2. Smokey's on the Gorge: This BBQ joint is a little on the pricier side, but its location on the rim of the New River Gorge offers quite a dinner view!
3. Burrito Bar: Located in a hillside home, the Burrito Bar at Breeze Hill is easy to miss. Don't miss it! Not only are the burritos to die for, the drink selection is fantastic! Enjoy a craft brew, seltzer or a homemade kombucha on their outdoor patio.
4. King Tut Drive-In: Located in Beckley, WV, this place is more about the experience...though the food is great too. You can get a variety of diner food, from sandwiches to plated meals, delivered right to your car!
In addition, a WV local and friend recommends these Fayetteville eats:
-The Pink Pig (BBQ)
-Wood Iron Eatery
-Fire Creek BBQ & Steaks
-Wanderlust Creative Foods (Asian)
-Cathedral Cafe (An old, ivy covered church with big stained glass windows)
-Elliotts Whitewater Bar and Grill (it's part of the Quality Inn. Bar food mostly)
-Tudors Biscuit World (more of a chain place but an option)
-Secret Sandwich Society ( burned down. I've heard they have a food truck in the area but -haven't been able to confirm)
I wish I could be of a bit more help here, but accommodation was the only thing we probably could have planned better. We stayed at two basic hotels (one in Lewisburg and one in Fayetteville), and they were just adequate. It seems as though hotel lodging options are slim (these are small towns- so it isn’t surprising). That said, they’re booking up fast with the increase in visitors to the area. If you want a cute Airbnb, definitely look a bit in advance. Many of the best and most plentiful accommodation options are the more outdoorsy ones- camping, cabins, etc. There are a few adventure resorts in the area too that do guided excursions like rafting and climbing (e.g. Adventures on the Gorge).
If you have time outside of all those other adventures, there a few other cool things worth checking out too.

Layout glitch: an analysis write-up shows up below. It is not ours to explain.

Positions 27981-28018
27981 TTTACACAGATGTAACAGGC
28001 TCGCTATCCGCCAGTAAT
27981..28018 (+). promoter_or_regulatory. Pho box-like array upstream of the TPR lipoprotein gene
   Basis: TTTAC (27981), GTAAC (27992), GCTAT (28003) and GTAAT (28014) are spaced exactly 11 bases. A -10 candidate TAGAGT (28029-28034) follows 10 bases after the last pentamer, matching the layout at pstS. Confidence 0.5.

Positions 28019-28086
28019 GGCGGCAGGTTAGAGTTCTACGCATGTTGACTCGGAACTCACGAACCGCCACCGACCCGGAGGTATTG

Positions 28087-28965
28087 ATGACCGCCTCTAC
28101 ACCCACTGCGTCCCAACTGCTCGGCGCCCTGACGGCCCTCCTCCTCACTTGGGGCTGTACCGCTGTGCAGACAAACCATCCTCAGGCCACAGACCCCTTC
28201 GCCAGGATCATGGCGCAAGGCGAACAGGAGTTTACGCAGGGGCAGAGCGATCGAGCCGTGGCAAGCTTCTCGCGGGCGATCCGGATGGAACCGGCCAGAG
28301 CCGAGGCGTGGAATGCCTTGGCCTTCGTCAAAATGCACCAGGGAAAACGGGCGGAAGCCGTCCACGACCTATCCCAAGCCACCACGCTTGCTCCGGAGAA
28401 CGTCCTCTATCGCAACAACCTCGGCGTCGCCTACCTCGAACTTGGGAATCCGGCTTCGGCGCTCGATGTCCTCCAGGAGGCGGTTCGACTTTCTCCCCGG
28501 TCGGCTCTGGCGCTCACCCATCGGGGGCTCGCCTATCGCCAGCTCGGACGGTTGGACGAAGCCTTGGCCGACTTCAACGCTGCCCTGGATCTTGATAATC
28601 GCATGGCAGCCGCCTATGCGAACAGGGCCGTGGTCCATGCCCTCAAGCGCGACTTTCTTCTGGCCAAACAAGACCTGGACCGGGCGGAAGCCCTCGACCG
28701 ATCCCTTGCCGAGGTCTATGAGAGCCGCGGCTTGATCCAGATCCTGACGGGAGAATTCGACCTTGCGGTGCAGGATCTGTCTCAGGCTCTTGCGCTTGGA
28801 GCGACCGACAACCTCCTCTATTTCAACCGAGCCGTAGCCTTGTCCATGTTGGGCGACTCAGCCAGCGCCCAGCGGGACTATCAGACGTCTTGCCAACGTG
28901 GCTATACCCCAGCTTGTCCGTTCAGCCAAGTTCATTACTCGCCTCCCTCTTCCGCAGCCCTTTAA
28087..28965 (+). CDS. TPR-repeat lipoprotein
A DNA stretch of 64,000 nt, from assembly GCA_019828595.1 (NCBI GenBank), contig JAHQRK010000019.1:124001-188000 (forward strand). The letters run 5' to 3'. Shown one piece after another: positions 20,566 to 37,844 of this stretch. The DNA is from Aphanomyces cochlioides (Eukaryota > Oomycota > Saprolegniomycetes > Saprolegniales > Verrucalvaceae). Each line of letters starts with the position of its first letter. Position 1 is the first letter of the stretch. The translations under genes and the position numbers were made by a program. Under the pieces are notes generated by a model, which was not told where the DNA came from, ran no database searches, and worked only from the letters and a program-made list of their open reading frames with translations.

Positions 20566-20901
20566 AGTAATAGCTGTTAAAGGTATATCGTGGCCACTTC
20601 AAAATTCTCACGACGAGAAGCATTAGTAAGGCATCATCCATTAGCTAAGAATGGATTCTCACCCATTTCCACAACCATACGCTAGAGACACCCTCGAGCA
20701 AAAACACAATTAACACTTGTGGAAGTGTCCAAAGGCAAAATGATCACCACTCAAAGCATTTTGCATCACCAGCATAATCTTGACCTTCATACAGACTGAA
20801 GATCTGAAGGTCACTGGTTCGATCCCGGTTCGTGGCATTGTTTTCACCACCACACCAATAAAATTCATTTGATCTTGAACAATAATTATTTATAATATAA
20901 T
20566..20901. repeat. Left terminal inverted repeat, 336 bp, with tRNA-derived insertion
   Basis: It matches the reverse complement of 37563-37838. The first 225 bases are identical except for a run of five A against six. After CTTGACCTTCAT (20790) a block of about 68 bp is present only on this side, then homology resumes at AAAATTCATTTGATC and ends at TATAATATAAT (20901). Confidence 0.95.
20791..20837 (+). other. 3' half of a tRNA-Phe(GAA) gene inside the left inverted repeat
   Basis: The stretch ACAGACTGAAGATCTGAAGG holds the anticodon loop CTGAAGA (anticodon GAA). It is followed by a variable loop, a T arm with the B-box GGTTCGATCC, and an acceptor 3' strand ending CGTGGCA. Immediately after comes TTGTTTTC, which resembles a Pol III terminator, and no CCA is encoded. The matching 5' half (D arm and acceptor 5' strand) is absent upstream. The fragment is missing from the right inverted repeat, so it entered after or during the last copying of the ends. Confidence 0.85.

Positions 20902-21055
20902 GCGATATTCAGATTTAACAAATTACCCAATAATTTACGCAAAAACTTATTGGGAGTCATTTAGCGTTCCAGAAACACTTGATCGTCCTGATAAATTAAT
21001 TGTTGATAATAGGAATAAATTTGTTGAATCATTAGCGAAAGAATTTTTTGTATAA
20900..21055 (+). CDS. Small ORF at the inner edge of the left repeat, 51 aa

1. Sandstone Falls
Located between Hinton and Fayetteville (roughly 1.5 hours from Fayetteville), Sandstone Falls is the largest waterfall of the New River and is considered one of the Seven Natural Wonders of West Virginia. The falls mark where the New River meets its confluence with the Gauley River. The National Park has set up several observation points of the falls, including some that are handi-cap accessible! There is also a nearby Bald Eagle Nesting site. According to the park website, the drive to Sandstone Falls will take you on two of the most scenic roads in the park…including the only scenic riverside drive. When you arrive at the falls, the Visitors center is a good place to start!
We didn’t make it to the falls ourselves, but my friend Kevin was kind enough to provide some beautiful photos! Be sure to check out his instagram @Kevin_13_photos
2. Thurmond Ghost Town
Another option for history lovers is to visit the Fayette County town of Thurmond. This historic coal town on the C&O Railway was once the highly prosporous center of New River Gorge. A switch from steam to diesel locomotives and less reliance on coal led to the town's steady declined. Today, it’s basically a ghost town, but the once busy banks, businesses, and saloons are relatively untouched. The park also restored the Depot as a visitors center in 1995 to help preserve the town’s history. It’s really neat to see!
Tip: You can also view it from above if you decide to hike the Rend trail.
That's all I have for you! Thanks so much for checking out my post, and I hope it has inspired you to make a trip to the newest National Park. Let me know if there's something I missed. Oh, and be sure to pin it for later!
Thanks again ya'll.